• Hi Bill in Stockton, thank you for checking out my article. I am so happy to hear that you are banishing the scale for now. Good luck with your fitness/nutrition journey. Please keep me posted on your progress and if you need any help along the way, don’t hesitate to ask. Take care and don’t give up! – Jen

      June 26, 2014
  • laney

    This has been an interesting read and im happy to see that i seem to be doing things correctly. I have been doing a training programme for 3 months, i do regular exercise a mix of cardio and muscle building and i have managed to loose 12.3 kilos a massive 6 inches from my waist and 7 inches from my hips, it would be interesting to know what my weight loss would total up to had i just done cardio and lost fat and not put on any muscle weight, any idea if this could be calculated?

    May 15, 2014
    • Hi Laney, first of all, CONGRATULATIONS on your successes! Your hard work, perseverance, and commitment is truly paying off for you. You lost 13 inches from your hips and waist – that is incredible and impressive!!

      I am not sure it is possible to calculate what your weight loss would have been if muscle mass was not increased. This is because a lot of variables factor into weight loss.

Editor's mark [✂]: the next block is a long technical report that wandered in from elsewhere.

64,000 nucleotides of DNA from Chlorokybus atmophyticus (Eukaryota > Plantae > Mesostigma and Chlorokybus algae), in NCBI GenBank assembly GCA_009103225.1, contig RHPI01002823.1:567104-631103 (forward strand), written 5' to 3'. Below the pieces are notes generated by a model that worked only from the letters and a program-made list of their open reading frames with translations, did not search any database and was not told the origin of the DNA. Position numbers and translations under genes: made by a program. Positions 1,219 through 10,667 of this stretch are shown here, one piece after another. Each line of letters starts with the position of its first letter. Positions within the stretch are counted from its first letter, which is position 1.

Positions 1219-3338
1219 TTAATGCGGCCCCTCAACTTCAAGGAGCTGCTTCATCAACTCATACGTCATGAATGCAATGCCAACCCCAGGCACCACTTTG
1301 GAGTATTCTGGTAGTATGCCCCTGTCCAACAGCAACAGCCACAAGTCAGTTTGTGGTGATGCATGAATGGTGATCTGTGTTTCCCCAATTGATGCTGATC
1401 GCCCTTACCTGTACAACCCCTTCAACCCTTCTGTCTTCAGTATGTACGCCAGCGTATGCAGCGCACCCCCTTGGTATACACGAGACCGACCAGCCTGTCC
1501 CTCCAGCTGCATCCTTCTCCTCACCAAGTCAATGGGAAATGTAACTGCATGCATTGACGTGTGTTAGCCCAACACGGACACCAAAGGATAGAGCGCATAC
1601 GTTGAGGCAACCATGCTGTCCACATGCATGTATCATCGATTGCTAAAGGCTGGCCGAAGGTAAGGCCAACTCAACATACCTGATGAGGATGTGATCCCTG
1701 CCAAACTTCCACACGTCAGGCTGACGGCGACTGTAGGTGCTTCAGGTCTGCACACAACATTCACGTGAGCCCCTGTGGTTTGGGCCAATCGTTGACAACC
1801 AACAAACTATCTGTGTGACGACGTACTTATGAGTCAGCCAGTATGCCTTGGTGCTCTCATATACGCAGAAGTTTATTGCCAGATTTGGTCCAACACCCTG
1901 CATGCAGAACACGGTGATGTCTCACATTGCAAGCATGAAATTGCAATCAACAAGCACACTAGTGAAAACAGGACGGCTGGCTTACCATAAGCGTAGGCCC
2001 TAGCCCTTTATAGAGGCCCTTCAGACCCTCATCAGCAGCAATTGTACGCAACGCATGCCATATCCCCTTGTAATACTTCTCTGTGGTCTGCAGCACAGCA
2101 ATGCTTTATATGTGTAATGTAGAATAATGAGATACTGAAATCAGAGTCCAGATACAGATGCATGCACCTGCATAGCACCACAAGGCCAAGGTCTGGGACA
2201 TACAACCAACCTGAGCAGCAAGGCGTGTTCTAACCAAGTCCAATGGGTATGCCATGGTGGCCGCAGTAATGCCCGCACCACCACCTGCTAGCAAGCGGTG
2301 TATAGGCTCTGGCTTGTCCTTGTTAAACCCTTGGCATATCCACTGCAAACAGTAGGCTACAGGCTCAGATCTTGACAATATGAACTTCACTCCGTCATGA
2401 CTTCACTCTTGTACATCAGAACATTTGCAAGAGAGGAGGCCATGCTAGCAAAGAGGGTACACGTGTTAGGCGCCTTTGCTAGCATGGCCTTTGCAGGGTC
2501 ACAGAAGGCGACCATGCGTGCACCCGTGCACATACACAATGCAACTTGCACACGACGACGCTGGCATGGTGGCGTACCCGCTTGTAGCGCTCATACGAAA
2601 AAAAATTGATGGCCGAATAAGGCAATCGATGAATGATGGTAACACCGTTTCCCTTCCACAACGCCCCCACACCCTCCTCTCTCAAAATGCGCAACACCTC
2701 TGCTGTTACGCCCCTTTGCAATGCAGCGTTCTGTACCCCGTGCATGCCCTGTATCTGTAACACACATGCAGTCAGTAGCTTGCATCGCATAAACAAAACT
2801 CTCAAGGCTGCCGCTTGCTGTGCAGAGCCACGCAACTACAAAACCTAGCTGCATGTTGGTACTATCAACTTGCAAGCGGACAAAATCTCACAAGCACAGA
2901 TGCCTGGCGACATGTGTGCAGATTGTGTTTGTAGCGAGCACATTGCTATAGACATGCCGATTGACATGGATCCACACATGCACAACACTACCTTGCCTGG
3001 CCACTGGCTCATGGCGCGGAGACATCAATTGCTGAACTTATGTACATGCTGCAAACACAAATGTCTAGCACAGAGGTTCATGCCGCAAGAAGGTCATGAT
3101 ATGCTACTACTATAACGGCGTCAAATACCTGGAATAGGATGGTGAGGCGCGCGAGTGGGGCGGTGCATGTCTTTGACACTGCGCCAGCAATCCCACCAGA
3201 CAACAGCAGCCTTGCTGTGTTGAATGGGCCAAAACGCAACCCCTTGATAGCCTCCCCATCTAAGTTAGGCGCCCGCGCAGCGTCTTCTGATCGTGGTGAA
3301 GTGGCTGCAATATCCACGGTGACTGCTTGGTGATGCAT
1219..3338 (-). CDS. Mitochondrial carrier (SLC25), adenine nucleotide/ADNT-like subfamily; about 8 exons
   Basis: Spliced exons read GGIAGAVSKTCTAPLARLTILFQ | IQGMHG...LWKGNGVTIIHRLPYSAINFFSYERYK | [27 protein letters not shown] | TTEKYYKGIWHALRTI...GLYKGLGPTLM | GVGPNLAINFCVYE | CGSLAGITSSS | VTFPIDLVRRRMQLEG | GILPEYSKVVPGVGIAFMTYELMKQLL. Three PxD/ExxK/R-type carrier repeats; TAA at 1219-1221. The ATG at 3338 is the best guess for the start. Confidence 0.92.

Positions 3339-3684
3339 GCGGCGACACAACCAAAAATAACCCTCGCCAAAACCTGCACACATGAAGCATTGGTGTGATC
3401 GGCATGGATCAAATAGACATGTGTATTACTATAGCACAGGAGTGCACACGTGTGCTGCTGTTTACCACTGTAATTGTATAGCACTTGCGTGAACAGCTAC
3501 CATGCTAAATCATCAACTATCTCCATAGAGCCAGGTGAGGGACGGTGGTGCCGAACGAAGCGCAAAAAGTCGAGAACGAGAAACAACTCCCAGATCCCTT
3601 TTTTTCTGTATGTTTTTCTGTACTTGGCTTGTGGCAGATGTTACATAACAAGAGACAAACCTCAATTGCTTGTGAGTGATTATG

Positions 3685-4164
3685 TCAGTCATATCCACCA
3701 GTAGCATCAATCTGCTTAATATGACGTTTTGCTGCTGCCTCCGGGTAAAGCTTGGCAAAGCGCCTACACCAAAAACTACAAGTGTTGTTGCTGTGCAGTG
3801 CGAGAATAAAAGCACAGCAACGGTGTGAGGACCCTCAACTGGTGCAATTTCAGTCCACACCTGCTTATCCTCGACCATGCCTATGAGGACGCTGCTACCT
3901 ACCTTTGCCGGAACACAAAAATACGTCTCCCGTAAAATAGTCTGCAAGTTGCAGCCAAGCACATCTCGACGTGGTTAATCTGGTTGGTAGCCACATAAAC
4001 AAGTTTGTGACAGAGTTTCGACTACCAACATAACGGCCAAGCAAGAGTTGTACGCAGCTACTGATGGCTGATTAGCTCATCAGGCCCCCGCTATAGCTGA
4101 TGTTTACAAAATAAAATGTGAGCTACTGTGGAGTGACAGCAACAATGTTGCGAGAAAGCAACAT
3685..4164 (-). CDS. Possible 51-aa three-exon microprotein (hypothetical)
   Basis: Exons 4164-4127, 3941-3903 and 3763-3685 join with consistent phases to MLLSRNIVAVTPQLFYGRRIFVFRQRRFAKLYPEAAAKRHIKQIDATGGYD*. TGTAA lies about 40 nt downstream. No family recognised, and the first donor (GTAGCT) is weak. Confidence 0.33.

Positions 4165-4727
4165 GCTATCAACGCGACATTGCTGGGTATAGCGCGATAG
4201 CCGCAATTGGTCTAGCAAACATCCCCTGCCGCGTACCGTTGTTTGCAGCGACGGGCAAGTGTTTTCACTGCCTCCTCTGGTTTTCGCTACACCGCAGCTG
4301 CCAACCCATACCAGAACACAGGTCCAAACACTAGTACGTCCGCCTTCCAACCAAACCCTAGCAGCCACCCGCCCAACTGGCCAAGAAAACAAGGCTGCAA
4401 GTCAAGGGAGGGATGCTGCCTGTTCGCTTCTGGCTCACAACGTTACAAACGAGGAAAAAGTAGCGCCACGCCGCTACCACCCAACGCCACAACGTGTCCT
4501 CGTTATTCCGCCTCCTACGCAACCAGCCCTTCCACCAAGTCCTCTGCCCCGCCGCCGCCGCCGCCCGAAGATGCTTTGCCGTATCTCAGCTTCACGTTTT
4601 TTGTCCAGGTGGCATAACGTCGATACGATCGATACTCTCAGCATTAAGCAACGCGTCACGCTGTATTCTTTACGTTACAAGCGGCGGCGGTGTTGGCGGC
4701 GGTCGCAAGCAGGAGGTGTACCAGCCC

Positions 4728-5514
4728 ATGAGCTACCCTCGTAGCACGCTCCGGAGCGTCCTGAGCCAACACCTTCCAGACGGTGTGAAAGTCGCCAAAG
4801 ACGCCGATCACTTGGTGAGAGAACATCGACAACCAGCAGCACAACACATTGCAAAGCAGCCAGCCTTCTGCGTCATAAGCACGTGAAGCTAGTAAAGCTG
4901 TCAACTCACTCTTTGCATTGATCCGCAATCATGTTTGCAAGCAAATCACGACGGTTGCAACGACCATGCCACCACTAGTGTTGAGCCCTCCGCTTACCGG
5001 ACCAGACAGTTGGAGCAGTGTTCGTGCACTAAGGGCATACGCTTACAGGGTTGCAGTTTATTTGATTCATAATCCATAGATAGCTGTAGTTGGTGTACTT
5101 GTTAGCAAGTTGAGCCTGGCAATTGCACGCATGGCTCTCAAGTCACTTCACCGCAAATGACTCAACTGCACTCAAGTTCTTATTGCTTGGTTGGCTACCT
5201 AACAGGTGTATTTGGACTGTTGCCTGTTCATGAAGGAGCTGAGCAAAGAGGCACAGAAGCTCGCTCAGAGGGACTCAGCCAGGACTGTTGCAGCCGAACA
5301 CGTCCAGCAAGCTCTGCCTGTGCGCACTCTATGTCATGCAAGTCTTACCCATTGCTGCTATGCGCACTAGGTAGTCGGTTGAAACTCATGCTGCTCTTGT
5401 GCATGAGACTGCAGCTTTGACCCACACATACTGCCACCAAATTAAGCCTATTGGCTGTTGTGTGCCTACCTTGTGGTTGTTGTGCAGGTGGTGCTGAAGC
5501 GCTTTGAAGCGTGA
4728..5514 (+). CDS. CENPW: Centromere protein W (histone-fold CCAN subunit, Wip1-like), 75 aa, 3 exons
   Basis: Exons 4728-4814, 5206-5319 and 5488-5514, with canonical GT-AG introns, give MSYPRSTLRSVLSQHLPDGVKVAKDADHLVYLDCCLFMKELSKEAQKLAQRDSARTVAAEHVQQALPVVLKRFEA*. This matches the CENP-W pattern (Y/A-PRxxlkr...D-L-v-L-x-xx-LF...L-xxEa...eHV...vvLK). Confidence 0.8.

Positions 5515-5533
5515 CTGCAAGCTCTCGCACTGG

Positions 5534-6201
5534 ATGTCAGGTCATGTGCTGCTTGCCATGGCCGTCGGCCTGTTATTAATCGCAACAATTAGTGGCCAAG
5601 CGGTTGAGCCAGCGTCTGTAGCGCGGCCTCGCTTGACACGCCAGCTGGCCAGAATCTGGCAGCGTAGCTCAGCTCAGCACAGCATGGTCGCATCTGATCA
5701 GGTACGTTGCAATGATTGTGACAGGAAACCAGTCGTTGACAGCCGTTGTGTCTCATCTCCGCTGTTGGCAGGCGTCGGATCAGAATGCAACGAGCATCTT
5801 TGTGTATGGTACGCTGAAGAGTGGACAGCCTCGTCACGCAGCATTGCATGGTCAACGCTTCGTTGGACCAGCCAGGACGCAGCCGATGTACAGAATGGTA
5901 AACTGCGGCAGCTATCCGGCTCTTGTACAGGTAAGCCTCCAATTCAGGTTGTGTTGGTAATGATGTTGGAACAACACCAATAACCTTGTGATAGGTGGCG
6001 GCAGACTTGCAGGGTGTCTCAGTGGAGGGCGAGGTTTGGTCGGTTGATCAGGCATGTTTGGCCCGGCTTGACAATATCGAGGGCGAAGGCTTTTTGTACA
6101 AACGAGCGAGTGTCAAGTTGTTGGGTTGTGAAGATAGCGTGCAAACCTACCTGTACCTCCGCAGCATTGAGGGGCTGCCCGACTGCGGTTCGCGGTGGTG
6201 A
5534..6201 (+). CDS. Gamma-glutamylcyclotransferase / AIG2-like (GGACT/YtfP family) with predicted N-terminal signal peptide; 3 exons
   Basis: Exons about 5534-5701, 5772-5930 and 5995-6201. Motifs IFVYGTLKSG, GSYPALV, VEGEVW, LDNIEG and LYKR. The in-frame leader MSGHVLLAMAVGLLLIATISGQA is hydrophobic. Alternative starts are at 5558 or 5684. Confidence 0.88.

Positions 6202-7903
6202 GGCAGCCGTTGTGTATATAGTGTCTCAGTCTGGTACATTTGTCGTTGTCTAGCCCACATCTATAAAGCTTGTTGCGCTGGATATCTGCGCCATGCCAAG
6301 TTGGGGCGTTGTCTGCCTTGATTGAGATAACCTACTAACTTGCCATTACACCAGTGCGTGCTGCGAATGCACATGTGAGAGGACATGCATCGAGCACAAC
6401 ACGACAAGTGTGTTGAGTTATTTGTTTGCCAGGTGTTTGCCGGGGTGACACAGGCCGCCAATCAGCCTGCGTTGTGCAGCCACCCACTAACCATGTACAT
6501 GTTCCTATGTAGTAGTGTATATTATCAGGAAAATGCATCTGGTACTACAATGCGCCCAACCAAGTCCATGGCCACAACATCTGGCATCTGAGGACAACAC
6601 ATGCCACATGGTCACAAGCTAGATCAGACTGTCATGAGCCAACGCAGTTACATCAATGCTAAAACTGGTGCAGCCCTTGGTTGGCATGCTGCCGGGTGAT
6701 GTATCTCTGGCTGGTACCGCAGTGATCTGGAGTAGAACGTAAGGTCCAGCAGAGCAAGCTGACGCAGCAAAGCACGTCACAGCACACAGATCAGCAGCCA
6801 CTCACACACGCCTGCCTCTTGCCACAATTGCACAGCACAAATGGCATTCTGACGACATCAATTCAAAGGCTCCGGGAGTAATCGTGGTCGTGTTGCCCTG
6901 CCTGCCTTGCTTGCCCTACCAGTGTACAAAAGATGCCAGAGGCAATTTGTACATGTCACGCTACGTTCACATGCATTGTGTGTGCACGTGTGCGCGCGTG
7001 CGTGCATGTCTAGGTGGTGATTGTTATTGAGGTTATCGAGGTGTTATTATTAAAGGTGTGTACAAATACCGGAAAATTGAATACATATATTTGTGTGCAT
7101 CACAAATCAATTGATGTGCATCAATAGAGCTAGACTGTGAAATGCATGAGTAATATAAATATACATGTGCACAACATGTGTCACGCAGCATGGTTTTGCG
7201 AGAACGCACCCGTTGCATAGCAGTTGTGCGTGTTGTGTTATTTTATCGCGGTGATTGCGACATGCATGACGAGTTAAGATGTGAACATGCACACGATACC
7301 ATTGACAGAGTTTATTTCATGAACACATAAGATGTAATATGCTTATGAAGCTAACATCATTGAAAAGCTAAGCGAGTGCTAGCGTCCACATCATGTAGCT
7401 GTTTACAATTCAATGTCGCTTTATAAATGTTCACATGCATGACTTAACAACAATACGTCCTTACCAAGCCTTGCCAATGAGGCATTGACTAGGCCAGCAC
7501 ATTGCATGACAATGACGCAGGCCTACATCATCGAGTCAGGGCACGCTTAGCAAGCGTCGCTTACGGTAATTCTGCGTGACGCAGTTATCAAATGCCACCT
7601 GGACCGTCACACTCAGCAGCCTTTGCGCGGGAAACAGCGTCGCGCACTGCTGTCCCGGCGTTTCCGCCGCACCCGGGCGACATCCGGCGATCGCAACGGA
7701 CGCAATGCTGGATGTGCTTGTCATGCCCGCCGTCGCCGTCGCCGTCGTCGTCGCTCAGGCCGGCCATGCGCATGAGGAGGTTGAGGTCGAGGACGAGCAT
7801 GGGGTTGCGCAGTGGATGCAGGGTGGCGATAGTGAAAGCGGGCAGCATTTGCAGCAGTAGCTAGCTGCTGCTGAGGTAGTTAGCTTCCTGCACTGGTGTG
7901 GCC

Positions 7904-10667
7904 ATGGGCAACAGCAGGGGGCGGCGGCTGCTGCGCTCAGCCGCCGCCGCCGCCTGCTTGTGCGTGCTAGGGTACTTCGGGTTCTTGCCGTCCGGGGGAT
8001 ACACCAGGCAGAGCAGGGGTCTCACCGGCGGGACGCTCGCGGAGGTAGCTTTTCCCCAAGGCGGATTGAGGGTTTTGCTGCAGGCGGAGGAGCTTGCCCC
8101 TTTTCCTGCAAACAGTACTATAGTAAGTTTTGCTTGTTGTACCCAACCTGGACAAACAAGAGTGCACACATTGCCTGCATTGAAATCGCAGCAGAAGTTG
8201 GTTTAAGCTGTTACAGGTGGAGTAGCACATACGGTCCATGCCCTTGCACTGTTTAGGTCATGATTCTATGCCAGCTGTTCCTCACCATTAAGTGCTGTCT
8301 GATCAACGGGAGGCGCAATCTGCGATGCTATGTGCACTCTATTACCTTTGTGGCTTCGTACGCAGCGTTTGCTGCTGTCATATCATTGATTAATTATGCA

We would need to learn the specifics of what you were doing for activity during that period (type of activities, duration, intensity, etc.). To be accurate, various laboratory tests to determine how efficiently your body burns calories would need to be completed. It would be important to determine your BMR/RMR (basal and resting metabolic rates – the rate at which your body expends energy while at rest), your TDEE (total daily energy expenditure – the total amount of calories an your body burns in a given day), and we would have to track specifics about your daily/weekly caloric intake. Lab tests may include a VO2 Max test (which determines the maximum amount of oxygen you can utilize during intense or maximal exercise), an aerobic threshold test, comprehensive blood profiles, and stress/hormone indicator tests. Other factors would include whether or not you have any food allergies/intolerances/sensitivities, etc. I think even with all of this data it would be hard to determine/guess what your weight loss would have been. However, it would be interesting to know!